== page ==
In mammals, visual information is passed from the retina to the visual cortex mainly through the dorsal lateral geniculate nucleus of the thalamus (LGNd). In the LGNd, retinal ganglion cells form excitatory synapses onto thalamocortical cells, which in turn project to layer 4 of the visual cortex. Interestingly, only 5–10% of terminals onto thalamocortical cells are from the retina, the primary sensory input to this region (Erişir et al. 1997b). The remainder of contacts onto thalamocortical cells arises from brainstem, layer 6 of visual cortex, reticular thalamus, and intrathalamic inhibitory neurons. These non-retinal synapses are believed to play a role in shaping the response of thalamocortical cells to retinal input. Of particular importance are inhibitory (γ-aminobutyric acid; GABA) connections, formed by local circuit neurons onto proximal regions of thalamocortical dendrites. Inhibitory interneurons have been implicated in controlling the precise spike timing of thalamocortical cells to retinal excitation, and in refinement of thalamocortical receptive fields (Guillery and Sherman, 2002; Sillito and Kemp, 1983; Berardi and Morrone, 1984; Blitz and Regehr, 2005). Canonically, this inhibition would be accomplished by generation of an action potential in response to retinal input, which would propagate along the interneuron axon causing vesicular GABAergic release from axonal terminals onto thalamocortical dendrites. Thalamic interneurons, however, are unique in that they express GABAergic vesicles not only in axonal boutons, but also in dendritic appendages (Famiglietti, 1970; Famiglietti and Peters, 1972; Rafols and Valverde, 1973; Montero, 1986). A majority of interneuron synapses in the LGNd are made by these dendritic boutons. While axonal release is typically controlled by action potential propagation into terminal boutons, it is less certain whether action potentials can propagate completely throughout the interneuron dendritic arbor to promote vesicle release from dendritic appendages. Although calcium imaging experiments have suggested that Na/K action potentials can propagate into the dendrites to promote calcium transients (Acuna-Goycolea et al., 2008), a direct measure of Na/K action potentials in the interneuron dendrite has been precluded by the dendrite’s fine caliber.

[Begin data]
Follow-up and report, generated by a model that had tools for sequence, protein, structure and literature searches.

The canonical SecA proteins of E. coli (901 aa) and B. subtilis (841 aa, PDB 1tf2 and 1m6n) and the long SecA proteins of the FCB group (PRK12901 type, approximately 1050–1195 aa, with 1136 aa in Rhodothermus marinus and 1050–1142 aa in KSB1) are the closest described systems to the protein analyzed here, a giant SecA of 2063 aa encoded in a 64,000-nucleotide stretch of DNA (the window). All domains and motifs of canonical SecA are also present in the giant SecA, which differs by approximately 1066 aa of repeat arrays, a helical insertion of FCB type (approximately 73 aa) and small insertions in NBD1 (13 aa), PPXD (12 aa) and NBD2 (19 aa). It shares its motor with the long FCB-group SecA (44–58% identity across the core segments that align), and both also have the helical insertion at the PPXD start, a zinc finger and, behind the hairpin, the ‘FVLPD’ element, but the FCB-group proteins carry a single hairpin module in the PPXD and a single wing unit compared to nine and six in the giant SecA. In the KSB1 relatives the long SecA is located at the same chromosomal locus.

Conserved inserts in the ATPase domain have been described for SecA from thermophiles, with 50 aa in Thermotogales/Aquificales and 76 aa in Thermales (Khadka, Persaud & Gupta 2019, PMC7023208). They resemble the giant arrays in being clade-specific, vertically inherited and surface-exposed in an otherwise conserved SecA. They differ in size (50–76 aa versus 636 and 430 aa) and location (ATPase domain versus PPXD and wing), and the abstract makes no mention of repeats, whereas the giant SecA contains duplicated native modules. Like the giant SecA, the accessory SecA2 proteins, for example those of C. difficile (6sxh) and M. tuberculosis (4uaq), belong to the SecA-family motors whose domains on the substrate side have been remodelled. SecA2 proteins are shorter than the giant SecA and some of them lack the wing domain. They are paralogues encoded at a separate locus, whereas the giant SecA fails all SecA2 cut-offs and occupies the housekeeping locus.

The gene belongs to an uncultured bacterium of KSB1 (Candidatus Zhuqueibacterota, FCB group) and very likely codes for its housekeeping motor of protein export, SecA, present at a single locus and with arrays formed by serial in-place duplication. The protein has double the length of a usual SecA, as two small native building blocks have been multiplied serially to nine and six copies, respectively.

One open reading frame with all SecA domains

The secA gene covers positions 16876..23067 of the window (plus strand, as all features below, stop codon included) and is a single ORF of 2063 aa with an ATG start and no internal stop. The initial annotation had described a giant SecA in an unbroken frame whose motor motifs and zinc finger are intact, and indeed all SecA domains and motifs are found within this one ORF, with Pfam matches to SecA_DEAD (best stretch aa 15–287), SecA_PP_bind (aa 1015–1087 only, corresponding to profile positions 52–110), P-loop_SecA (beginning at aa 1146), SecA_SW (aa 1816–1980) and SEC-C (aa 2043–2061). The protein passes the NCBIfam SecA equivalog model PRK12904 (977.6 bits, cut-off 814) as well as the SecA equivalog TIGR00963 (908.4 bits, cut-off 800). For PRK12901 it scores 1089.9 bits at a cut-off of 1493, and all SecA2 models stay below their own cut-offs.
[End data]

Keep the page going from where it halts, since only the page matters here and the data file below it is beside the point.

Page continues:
In our study, we used a combination of high temporal and spatial resolution voltage-sensitive dye imaging to demonstrate that trains of action potentials actively propagate throughout the entire interneuron dendrite and into dendritic appendages. Activation of TTX-sensitive Na+ channels was necessary for dendritic action potential propagation, while TEA-sensitive K+ channels were important for dendritic action potential repolarization. Despite the active and reliable back-propagation of action potentials throughout the dendritic arbor, local synaptic inputs alone failed to initiate spikes in interneuron dendrites. Thus, the generation of an action potential in thalamic interneurons can result in a rapid and global inhibitory signal through the release of GABA from both axons as well as dendritic terminals.